NBC Slams Exxon's 'Out of Line' Profits
The media have made a habit of reporting record oil company profits with disdain rather than perspective; bitterness rather than accuracy.
Thatâ€™s just how the July 31 â€śNBC Nightly Newsâ€ť anchor Brian Williams suggested July 31 that ExxonMobilâ€™s record $11.68 billion quarterly profit might be â€śout of line.â€ť
CNBC correspondent and co-host of CNBCâ€™s â€śThe Callâ€ť Trish Regan called it â€śanother kick in the gas tankâ€ť and interviewed drivers who wondered why they have to suffer while oil companies make â€śso much money.â€ť
â€śItâ€™s a record,â€ť Regan said. â€śExxonâ€™s profits are exploding. The company earned nearly $12 billion in the last three months. Exxon earns nearly $90,000 a minute â€“ thatâ€™s almost $1,500 every second. The reason profits have gone up so much: the price of oil has exploded on the world market, up 61 percent in the last year.â€ť
On â€śTodayâ€ť August 1, host Meredith Vieira said Exxon is â€ślaughing all the way to the bankâ€ť while Americans pay an average of $3.90 per gallon for gasoline. She said Americans are â€śdrowning in debt, so many people, while the oil companies seem to be rolling dough.â€ť
But CNBCâ€™s Jim Cramer predicted that the decline in oil prices â€“ closing at $124.08 July 31, down from the July 11 record high of $147.27 â€“ would result in lower profits for Exxon. â€śExxonâ€™s profits have probably peaked this quarter,â€ť he told Vieira.
Both reports did mention that the company invests heavily in exploration -- $7 billion, a 38-percent increase â€“ but neither mentioned that oil earnings are driven largely by volume, not profit margins.
As a report posted on APIâ€™s Web site on July 25 explains, Exxonâ€™s profits are a reflection of the size of the company and its industry and arenâ€™t necessarily a good reflection of financial performance â€“ in terms of what they are and arenâ€™t charging at the pump. In other words, the profits are high because of volume, not profit margins.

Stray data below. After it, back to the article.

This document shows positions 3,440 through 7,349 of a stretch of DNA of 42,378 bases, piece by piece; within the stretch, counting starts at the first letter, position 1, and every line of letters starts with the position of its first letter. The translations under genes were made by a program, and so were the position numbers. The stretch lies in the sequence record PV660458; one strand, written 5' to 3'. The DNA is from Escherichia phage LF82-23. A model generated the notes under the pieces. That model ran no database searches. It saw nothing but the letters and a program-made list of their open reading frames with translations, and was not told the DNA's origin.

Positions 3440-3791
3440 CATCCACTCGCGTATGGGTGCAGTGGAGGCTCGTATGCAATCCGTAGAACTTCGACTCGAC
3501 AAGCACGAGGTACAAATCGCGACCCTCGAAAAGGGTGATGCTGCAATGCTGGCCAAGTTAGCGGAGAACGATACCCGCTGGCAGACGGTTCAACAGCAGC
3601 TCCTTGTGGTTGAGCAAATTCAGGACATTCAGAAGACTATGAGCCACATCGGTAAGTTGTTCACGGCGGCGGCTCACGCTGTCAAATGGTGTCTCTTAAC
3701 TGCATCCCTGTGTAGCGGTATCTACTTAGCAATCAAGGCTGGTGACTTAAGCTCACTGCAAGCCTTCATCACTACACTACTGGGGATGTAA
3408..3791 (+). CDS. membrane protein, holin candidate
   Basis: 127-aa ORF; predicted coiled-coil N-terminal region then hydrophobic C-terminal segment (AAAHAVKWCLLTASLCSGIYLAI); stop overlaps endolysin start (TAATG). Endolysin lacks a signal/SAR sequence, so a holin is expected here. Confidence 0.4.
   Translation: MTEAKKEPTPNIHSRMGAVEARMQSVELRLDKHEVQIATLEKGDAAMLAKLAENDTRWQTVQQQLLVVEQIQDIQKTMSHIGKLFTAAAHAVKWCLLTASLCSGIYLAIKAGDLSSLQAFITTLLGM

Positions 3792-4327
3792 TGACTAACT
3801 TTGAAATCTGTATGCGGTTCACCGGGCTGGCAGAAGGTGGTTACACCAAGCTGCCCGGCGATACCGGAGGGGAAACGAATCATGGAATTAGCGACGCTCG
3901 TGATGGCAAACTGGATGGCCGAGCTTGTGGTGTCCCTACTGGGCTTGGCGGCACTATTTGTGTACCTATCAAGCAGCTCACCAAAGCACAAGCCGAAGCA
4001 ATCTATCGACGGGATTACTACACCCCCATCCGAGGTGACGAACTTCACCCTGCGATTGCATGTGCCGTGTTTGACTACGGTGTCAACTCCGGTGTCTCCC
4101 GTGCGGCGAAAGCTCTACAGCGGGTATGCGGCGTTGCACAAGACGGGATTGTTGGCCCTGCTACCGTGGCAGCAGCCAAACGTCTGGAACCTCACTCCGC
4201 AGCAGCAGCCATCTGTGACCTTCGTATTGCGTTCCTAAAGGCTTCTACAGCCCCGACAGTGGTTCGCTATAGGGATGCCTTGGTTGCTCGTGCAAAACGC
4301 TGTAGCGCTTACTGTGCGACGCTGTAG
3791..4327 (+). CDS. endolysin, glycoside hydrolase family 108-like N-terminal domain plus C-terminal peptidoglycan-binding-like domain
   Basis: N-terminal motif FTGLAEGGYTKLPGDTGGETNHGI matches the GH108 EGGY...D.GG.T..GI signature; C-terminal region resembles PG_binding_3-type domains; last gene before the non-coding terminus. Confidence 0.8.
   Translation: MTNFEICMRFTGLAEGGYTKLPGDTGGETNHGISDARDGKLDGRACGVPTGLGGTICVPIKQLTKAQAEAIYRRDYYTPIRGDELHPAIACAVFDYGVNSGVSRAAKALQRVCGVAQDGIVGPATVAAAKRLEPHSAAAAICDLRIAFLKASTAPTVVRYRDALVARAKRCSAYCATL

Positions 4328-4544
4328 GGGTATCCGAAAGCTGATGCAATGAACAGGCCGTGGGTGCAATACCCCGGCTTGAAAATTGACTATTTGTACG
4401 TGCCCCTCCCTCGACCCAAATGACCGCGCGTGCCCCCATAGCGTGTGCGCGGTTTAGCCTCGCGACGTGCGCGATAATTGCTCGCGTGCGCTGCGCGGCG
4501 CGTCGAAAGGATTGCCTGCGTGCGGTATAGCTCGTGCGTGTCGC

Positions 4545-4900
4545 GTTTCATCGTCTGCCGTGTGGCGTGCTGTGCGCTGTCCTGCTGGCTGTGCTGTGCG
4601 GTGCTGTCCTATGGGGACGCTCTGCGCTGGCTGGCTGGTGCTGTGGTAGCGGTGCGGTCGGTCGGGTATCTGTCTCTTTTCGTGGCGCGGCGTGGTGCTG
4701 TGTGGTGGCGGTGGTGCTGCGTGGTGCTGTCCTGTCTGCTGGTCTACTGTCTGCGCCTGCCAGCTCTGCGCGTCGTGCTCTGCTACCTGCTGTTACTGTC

â€śIt may seem surprising that oil and natural gas earnings are typically in line with the average of other major
Reganâ€™s report included John Felmy of the American Petroleum Institute (API) to defend Exxonâ€™s profits, but also included rhetoric from Democratic presidential hopeful Sen. Barack Obama â€“ who blasted the government energy policy that â€śworks for the oil companies.â€ť
â€śSo whereâ€™s all this money going?â€ť Regan said. â€śTwo places â€“ exploration and shareholdersâ€™ pockets. Exxon did spend $7 billion for exploration and the production of new energy sources â€“ 38 percent more than it spent a year ago, but the company gave even more money â€“ more than $10 billion â€“ back to its shareholders through dividends and stock buybacks.â€ť
She didnâ€™t mention that Exxonâ€™s stock actually fell the day it reported record profits, off 4.68 percent because the company posted a lower-than-expected second quarter earnings of only $2.27 per share. The companyâ€™s stock price -- $80.43 per share â€“ is way off its $96.12 52-week high.
She also failed to note the huge amount of taxes paid by ExxonMobil and other oil companies. While it made $11.7 billion in profits, the company paid more than $32 billion in income, sales and other taxes.